During the Space Race fervor of the mid-1900s, humans from several different countries sent a number of non-human animals into space, including a cat who flew a successful French space mission in 1963, parachuting safely back to earth at the end of her trip. According to NASA, this cat, named Félicette, made the first successful feline trip into space on a Veronique AGI sounding rocket No. 47. Her French cat astronaut successor, an unnamed cat, was not able to be recovered and died during the mission, which took place just a few days after Félicette made her groundbreaking trip.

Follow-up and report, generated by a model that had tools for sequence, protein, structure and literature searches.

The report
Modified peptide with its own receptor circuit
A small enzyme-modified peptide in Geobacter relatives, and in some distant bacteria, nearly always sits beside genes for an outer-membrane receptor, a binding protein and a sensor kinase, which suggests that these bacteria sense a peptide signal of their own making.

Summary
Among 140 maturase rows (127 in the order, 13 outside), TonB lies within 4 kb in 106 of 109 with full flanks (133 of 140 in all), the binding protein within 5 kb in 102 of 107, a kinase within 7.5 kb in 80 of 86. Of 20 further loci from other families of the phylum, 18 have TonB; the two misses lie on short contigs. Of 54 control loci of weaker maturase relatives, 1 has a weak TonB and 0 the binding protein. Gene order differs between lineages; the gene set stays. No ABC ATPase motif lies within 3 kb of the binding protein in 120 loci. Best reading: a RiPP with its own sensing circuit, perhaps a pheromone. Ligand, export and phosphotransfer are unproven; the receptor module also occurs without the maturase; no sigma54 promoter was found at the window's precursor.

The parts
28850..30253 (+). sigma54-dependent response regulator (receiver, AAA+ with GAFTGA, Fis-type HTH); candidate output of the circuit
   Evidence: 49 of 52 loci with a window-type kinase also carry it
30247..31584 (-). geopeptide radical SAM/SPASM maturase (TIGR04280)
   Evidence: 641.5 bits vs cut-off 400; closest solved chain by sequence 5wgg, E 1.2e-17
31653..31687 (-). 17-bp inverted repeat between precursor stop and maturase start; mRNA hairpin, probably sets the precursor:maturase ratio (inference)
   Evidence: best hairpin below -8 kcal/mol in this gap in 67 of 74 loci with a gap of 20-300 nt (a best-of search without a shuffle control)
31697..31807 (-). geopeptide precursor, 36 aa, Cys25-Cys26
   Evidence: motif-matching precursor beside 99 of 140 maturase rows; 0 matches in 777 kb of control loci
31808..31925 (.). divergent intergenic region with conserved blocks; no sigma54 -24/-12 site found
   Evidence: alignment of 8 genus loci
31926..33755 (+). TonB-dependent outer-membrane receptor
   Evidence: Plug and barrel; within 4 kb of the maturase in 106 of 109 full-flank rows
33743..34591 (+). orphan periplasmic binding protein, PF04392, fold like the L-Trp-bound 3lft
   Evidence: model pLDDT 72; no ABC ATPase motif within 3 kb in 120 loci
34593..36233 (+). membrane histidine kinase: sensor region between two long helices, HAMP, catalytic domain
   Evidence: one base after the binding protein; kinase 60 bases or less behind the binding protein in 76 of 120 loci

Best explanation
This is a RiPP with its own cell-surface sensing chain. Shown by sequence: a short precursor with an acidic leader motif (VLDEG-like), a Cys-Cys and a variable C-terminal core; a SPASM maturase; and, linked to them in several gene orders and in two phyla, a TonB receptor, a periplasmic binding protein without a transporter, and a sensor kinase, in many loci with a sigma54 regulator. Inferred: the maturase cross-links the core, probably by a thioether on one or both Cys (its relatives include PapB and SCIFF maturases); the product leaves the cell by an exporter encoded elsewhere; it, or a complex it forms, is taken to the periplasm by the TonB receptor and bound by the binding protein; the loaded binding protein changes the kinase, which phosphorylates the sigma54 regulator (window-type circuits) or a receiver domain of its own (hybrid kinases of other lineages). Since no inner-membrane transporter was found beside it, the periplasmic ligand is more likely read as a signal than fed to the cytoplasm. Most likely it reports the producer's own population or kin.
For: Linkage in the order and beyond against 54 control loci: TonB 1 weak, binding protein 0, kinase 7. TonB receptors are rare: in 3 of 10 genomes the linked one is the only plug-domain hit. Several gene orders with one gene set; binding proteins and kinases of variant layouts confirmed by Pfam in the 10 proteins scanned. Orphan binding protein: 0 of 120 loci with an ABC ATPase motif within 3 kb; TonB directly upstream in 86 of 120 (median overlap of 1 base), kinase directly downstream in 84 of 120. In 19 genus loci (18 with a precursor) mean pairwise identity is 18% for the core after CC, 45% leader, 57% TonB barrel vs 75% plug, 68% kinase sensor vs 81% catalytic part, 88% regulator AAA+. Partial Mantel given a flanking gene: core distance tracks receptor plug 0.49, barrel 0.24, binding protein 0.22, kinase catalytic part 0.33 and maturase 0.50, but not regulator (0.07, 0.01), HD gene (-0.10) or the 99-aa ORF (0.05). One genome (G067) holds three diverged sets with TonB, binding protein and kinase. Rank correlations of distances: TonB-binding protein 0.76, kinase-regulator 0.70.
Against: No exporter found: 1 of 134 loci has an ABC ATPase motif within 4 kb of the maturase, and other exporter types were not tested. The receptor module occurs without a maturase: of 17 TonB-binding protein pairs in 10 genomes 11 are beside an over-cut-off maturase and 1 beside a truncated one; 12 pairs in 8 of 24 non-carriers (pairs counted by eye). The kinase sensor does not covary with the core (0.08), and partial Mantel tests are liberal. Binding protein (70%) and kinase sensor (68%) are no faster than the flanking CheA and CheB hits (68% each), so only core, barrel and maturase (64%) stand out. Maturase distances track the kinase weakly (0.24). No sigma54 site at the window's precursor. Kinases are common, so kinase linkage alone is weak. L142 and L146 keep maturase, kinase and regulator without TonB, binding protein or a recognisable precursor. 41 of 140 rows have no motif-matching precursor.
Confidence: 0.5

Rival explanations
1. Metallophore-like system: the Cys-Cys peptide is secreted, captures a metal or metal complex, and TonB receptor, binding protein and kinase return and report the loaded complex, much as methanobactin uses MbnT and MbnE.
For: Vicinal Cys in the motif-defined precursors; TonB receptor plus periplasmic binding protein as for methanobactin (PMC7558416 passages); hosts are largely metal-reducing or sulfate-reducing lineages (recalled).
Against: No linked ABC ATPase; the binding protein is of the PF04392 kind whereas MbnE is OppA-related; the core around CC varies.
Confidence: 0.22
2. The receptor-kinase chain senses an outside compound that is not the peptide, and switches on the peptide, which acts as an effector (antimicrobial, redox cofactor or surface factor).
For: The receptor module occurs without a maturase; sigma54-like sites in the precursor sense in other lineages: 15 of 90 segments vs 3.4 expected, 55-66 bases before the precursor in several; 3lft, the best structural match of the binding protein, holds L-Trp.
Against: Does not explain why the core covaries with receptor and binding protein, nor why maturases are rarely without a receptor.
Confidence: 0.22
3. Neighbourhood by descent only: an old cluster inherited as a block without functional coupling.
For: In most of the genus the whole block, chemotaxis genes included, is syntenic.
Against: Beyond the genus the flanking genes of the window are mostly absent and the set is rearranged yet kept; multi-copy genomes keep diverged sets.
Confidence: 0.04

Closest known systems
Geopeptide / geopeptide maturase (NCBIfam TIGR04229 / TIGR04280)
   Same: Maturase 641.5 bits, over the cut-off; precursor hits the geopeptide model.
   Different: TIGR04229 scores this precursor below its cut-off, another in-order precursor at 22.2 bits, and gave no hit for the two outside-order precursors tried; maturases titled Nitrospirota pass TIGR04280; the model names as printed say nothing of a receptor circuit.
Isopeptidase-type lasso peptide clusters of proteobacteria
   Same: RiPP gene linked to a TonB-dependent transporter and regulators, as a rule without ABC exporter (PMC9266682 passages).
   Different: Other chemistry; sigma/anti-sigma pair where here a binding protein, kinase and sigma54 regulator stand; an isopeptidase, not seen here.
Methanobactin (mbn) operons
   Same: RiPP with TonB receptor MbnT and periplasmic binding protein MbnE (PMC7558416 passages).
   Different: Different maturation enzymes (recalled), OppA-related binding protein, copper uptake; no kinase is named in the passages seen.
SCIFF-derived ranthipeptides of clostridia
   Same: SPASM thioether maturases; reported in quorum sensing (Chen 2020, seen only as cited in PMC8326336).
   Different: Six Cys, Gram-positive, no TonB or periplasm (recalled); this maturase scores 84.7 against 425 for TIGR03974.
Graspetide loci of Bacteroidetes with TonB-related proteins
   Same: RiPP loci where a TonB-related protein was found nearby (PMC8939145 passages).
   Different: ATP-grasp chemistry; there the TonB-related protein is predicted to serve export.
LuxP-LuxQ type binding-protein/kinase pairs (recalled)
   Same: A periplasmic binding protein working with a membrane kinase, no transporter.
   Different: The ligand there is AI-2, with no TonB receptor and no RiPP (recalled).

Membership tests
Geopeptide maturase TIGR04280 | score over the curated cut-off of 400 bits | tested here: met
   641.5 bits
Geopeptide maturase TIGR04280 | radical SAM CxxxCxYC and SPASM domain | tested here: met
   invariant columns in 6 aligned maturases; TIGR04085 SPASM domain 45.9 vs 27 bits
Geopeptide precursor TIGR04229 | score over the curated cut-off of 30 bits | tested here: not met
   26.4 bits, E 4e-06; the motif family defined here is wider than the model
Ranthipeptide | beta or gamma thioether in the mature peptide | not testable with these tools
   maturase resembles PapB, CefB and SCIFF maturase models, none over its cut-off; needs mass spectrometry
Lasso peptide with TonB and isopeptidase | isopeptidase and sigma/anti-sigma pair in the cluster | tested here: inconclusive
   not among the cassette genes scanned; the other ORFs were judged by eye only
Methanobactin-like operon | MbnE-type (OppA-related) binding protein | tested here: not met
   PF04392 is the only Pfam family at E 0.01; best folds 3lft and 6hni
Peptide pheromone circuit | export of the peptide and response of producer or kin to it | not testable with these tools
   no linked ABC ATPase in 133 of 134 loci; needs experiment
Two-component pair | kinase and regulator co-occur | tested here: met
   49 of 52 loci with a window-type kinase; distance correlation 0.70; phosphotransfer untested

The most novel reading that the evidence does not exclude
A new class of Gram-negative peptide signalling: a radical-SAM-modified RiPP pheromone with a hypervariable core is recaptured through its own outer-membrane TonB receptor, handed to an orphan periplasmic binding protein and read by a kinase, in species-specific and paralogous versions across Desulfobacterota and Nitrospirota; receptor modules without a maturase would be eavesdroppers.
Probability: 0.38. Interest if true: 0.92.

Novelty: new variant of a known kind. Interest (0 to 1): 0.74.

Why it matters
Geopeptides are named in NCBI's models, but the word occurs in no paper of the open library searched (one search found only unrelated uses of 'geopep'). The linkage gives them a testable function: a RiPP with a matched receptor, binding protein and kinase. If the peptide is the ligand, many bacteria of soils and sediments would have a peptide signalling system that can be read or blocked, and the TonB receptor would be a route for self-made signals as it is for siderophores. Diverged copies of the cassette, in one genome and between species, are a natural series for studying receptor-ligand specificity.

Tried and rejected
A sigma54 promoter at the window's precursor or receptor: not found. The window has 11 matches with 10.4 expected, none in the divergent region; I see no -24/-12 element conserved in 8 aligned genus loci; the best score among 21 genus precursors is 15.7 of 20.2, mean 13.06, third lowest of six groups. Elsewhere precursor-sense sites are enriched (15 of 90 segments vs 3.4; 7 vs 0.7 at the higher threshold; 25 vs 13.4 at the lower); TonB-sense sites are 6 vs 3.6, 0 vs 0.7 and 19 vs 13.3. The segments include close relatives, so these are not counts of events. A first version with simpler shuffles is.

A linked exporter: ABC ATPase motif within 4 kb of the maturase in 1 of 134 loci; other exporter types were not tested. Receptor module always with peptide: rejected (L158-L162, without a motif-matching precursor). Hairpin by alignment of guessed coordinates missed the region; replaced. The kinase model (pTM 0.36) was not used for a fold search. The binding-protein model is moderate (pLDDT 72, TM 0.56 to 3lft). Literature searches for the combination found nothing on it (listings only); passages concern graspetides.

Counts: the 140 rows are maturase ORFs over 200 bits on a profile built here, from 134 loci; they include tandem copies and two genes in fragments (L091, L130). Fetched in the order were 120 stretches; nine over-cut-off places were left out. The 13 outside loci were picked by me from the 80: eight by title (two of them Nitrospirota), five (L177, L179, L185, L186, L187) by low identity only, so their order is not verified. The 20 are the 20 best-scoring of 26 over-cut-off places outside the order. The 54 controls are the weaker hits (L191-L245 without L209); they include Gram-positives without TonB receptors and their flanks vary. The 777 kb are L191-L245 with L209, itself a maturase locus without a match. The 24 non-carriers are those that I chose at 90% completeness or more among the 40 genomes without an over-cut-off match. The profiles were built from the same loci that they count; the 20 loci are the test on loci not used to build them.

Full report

Other animals, from monkeys to dogs and a variety of other beings, including insects and plants, have been sent into space since the first animal-manned mission in 1948. The first few animals that were sent into space were all monkeys who flew on space missions executed by the United States. The U.S. also sent mice into space on some of its earliest missions, including two white mice named Mildred and Albert. For the most part, the animals used on these early missions returned safely to earth. The Soviet Union's fledgling space program used animals on one-way rockets for its first space flights; these test animals included rabbits, mice and rats.